The length of followup for each person was determined as the time from baseline to either death or censoring, whichever came first. Descriptive analyses summarized baseline characteristics of participants by survival status. The mean levels of continuous variables were compared using student -test, while chi-square tests compared the distribution of categorical variables values. Univariate and multivariate Cox regressions were used to estimate the strength of the association (hazard ratios (HRs) and 95% confidence intervals (CIs)) between the selected potential nonmodifiable (age, gender, and family history of CVD) and modifiable lifestyle factors and all-cause mortality. With a score of 0 being allocated for each ideal lifestyle factor, nonideal or poor lifestyle factors were coded as 1. The PAFs for smoking (current smoking), fitness (low fitness), BMI (≥25), and diet (meeting 0 or 1 of the 4 diet components) on all-cause mortality were calculated. The PAF for the nonideal or poor lifestyle factor is defined as the proportionate reduction in death that would be achieved if the entire population had been unexposed to that risk factor or a combination of two lifestyle factors, compared with its current (actual) exposure pattern. Without considering confounders, the PAF can be defined by , where is the probability of death during the time interval in the overall population and is the death probability in the subgroup unexposed to the studied risk factor. When considering confounders we used the definition in Chen et al. [19] which has been shown to have a causal interpretation. For the special case of a categorical confounder and a fixed time point, the adjusted PAF in Chen et al. reduces to that defined in Whittemore [20] which replaced in the above formula with the weighted average of confounder-stratum-specific unexposed death probability. The unadjusted/adjusted PAFs and 95% confidence intervals were estimated based on the univariate/multivariate Cox regression models and the methods developed by Chen et al. [19]. Data analyses were performed using SAS (version 9.2; SAS Institute, Cary, NC, USA) software, C and R 2.12.2. All values are 2-sided with an alpha level of 0.05 established for significance.

3. Results

There were 268 deaths during 130,584 person-years of followup. Compared with survivors, decedents were older, had lower fitness and higher BMI, had higher prevalence of major CVD risk factors, and had lower prevalence of ideal modifiable health factors other than body weight (Table 1).

Table 1: Baseline characteristics of study participants by survival status, Aerobics Center Longitudinal Study, 1987–1999.

We found statistically significant differences in risk of death between categories of age, gender, family history of CVD, smoking, and low fitness (Table 2). Low fitness and smoking, in addition to age, showed the strongest associations with mortality. No statistically significant interactions between the variables in the model were found; therefore, we used a model with main effects only to study their effects on the risk of death. The fully adjusted model showed similar associations between age, gender, low fitness, and smoking and death as the unadjusted model.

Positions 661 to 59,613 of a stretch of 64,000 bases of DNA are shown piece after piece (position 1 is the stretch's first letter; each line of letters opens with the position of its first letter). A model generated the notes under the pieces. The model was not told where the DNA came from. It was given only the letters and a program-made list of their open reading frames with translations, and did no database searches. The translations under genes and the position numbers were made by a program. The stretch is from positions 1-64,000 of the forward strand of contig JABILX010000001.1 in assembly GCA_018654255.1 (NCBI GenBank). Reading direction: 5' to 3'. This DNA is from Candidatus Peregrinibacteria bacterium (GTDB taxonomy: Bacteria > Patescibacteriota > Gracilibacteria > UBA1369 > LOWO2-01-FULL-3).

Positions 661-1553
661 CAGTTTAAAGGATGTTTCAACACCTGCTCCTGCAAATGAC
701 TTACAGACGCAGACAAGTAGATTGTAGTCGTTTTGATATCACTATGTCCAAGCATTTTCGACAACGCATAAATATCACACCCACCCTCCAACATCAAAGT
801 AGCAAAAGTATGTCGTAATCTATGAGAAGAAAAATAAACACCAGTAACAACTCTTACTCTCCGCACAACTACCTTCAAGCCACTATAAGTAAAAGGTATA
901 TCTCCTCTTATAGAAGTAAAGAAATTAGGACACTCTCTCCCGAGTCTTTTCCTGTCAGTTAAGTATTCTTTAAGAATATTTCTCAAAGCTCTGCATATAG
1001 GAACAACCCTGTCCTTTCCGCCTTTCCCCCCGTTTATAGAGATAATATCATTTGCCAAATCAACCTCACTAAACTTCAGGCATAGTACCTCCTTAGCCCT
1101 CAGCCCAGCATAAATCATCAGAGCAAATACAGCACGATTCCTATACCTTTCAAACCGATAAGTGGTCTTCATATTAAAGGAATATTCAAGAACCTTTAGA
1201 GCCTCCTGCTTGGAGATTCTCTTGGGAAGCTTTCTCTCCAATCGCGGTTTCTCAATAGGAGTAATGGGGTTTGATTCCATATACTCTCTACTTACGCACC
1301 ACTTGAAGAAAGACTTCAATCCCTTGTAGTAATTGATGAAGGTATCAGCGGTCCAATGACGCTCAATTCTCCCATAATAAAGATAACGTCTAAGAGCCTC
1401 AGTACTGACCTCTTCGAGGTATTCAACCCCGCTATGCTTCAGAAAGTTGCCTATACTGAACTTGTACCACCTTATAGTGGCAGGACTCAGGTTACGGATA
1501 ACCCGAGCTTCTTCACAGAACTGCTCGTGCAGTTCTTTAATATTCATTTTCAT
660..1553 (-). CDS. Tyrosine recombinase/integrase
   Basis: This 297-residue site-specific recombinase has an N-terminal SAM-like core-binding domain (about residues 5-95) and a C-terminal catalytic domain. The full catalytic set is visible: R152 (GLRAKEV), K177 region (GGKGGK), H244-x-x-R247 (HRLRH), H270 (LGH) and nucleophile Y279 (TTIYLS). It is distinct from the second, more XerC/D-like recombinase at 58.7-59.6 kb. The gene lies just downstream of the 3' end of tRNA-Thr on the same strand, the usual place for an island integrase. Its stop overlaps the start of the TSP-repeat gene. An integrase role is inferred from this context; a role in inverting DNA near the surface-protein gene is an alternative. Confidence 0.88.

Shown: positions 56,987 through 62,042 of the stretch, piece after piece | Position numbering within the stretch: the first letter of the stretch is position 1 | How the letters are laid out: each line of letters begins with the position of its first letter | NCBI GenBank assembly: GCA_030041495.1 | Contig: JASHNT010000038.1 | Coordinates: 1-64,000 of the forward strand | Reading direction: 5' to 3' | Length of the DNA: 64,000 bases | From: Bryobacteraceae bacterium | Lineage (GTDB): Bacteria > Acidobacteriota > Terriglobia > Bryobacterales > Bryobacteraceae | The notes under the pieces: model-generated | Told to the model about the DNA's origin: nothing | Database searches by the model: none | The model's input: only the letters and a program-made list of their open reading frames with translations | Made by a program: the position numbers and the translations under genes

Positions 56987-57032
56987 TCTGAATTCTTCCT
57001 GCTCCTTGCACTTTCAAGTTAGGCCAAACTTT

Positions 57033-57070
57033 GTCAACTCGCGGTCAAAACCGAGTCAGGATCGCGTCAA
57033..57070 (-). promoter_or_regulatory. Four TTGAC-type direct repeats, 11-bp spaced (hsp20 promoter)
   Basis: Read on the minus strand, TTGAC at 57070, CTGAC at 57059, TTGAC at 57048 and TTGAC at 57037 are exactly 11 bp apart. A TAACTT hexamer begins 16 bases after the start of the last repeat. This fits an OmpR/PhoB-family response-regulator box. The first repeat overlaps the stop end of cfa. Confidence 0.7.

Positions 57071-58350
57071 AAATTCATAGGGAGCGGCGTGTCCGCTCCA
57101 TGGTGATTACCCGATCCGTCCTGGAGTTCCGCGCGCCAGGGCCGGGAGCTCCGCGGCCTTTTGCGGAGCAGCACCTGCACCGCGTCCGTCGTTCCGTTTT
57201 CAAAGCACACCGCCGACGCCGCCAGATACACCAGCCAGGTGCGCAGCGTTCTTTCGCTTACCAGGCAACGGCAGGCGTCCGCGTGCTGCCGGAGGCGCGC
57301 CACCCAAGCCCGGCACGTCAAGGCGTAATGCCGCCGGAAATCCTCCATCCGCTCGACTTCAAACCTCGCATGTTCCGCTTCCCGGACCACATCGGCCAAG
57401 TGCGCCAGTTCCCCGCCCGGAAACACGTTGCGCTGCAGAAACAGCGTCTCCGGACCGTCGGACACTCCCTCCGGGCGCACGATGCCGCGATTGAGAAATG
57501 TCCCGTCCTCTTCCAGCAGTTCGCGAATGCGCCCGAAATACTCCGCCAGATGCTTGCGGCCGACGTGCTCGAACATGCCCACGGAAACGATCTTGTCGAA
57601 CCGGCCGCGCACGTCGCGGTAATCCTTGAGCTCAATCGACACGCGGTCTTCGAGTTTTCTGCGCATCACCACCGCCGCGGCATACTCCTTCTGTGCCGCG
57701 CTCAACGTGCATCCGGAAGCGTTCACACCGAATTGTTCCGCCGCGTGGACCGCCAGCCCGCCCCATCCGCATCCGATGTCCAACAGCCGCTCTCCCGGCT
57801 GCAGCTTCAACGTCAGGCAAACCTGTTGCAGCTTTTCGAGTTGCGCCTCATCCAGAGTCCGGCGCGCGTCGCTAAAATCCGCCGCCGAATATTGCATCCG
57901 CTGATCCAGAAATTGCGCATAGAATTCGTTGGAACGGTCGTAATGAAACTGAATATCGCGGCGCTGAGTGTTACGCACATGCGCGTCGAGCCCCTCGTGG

Table 2: Estimated hazard ratios of death in categories of potential risk factors, the Aerobics Center Longitudinal Study, 1987–2003.

Table 3 shows the unadjusted and adjusted PAFs and their CIs for the individual modifiable lifestyle factors and 6 possible combinations of two factors in each of the 5-year follow-up intervals. Of the 4 lifestyle factors, fitness had the strongest association with risk of death, reducing it by 7% if low fit individuals had become at least moderately fit (95% CI: 2.2%, 12%). A reduction in smoking would have led to a 6% reduction in mortality risk. However, reduction of BMI to the ideal level had the smallest effect, the PAF being −7% (95% CI: −14%, 8%). The unadjusted PAF estimates of fitness, smoking, and diet decreased at year 10 and year 15 compared with the estimates at year 5, respectively. However, this pattern of associations disappeared after multivariate adjustment (Figure 2).

Table 3: Unadjusted and multivariable-adjusted PAF for each 5-year time intervala using the Aerobics Center Longitudinal Study, 1987–2003.
Figure 2: Estimates of the population attributable fraction (PAF) by assuming one of the four behavior factors are controlled at the ideal level: (a) unadjusted model; (b) multivariate-adjusted model (age, gender, hypertension, diabetes, hypercholesterolemia, and family history of CVD), the Aerobics Center Longitudinal Study, 1987–2003.

Finally, the cumulative PAF estimate is obtained from the full model including any of the 2 lifestyle factors (Table 3 and Figure 3). Of the 6 combination groups, smoking plus fitness had the greatest association with PAF, reducing it by 13% if all current smokers who also had low fitness had never started smoking and also became at least moderate fit (95% CI: 6%, 19%). Improving diet and reducing BMI had the least effect on PAF in this population of men and women.

Figure 3: Estimates of the population attributable fraction (PAF) by assuming two of the four behavior factors are controlled at the ideal level: (a) unadjusted model; (b) multivariate-adjusted model (age, gender, hypertension, diabetes, hypercholesterolemia, and family history of CVD), the Aerobics Center Longitudinal Study, 1987–2003.

4. Discussion

4.1. Summary of Main Findings